No one should tolerate that kind of behavior at work, especially from a boss who should be modeling the opposite. Try one of these tactics to deal with abuse before, during and after it rears its ugly head:
Before: Nip it in the bud. If you sense an abusive situation coming, steer the conversation in a more productive direction. Example:
Boss: “Dale, I need to talk to you about this spreadsheet! Didn’t you learn anything in school about —”
Dale (in a direct, but calm voice): “Hold on a minute. Show me exactly what you don’t like and I’ll fix it.”
By refocusing the boss, Dale keeps him or her from ranting about something other than the topic at hand, a document that needs fixing.
During: Walk away. When it becomes obvious that you’re listening to abusive language, look the person directly in the eye and say, “I’ll be happy to talk with you when we can have a rational conversation.”
After: Write it down; talk it through. Let’s say the first and second steps didn’t help you avoid the abuse. It all happened too fast. Then you’ll need to write down what happened. List when and where it occurred, background information, your memory of what the abuser and you said, and any other actions. Writing it down cements the details in your mind.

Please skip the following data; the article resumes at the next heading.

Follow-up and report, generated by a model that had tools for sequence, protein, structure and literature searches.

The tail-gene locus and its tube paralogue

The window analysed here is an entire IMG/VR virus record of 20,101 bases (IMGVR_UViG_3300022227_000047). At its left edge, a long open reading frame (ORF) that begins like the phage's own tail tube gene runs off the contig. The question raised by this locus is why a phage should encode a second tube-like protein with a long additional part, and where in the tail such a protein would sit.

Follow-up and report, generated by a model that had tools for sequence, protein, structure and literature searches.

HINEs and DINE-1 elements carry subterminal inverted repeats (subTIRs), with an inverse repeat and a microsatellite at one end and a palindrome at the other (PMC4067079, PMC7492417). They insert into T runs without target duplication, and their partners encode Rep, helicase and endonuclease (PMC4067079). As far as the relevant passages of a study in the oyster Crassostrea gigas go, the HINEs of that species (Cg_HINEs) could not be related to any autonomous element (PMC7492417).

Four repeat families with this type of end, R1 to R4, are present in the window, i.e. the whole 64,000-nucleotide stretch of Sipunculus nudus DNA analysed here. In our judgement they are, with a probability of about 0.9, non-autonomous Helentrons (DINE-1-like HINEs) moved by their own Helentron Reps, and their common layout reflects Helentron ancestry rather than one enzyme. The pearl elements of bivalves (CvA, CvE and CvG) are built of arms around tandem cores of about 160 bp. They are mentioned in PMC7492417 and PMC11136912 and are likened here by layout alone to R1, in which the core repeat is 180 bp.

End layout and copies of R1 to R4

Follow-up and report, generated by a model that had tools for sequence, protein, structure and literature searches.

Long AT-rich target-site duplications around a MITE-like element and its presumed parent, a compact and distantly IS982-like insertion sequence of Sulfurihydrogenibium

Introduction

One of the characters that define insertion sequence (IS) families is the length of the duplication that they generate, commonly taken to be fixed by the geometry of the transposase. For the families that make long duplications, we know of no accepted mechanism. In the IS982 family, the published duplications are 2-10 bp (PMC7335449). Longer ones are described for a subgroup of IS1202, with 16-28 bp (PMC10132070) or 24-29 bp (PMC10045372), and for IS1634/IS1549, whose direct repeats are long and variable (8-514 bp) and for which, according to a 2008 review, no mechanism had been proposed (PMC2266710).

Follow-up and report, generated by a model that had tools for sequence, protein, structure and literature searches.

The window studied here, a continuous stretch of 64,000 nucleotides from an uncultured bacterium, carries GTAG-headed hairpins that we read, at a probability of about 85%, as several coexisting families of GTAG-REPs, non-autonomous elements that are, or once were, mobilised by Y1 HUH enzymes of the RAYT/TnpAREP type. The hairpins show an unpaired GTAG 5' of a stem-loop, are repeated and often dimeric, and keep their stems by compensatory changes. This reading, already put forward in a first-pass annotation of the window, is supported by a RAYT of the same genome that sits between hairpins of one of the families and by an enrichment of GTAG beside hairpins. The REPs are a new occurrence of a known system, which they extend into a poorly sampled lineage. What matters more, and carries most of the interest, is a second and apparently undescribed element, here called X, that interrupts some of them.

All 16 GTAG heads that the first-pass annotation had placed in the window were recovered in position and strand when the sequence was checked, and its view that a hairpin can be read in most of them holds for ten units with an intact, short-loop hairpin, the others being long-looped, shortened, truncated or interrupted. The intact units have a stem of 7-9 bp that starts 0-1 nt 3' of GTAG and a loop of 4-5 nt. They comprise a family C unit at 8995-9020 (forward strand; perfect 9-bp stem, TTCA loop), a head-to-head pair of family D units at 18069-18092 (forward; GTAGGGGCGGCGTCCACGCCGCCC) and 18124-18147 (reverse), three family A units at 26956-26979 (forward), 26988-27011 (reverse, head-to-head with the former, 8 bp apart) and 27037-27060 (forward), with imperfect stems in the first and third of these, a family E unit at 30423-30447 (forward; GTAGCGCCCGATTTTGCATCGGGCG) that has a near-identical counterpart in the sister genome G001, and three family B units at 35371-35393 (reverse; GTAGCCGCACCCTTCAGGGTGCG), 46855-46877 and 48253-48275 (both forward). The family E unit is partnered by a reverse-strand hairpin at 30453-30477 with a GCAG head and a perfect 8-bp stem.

Then it’s time to talk it through. Start with a trusted friend who can help you sort through your feelings of anger and hurt. Next decide whether to confront the abuser, asking for an apology or attempting to repair the relationship by telling him or her how you wish to be treated in the future.
If that doesn’t get his or her attention, you may decide that one more conversation is needed: with HR or your boss’s boss.
- Employer's win in court shows peril of ignoring harassment
- 'Just right' leadership; cell-phone diets; no more 'Mr. Boss'
- 'Sex-plus' discrimination claims hard to prove
- Employers don't have to be right--just honest
- Required: Investigating all harassment complaints Not required: Providing a perfect workplace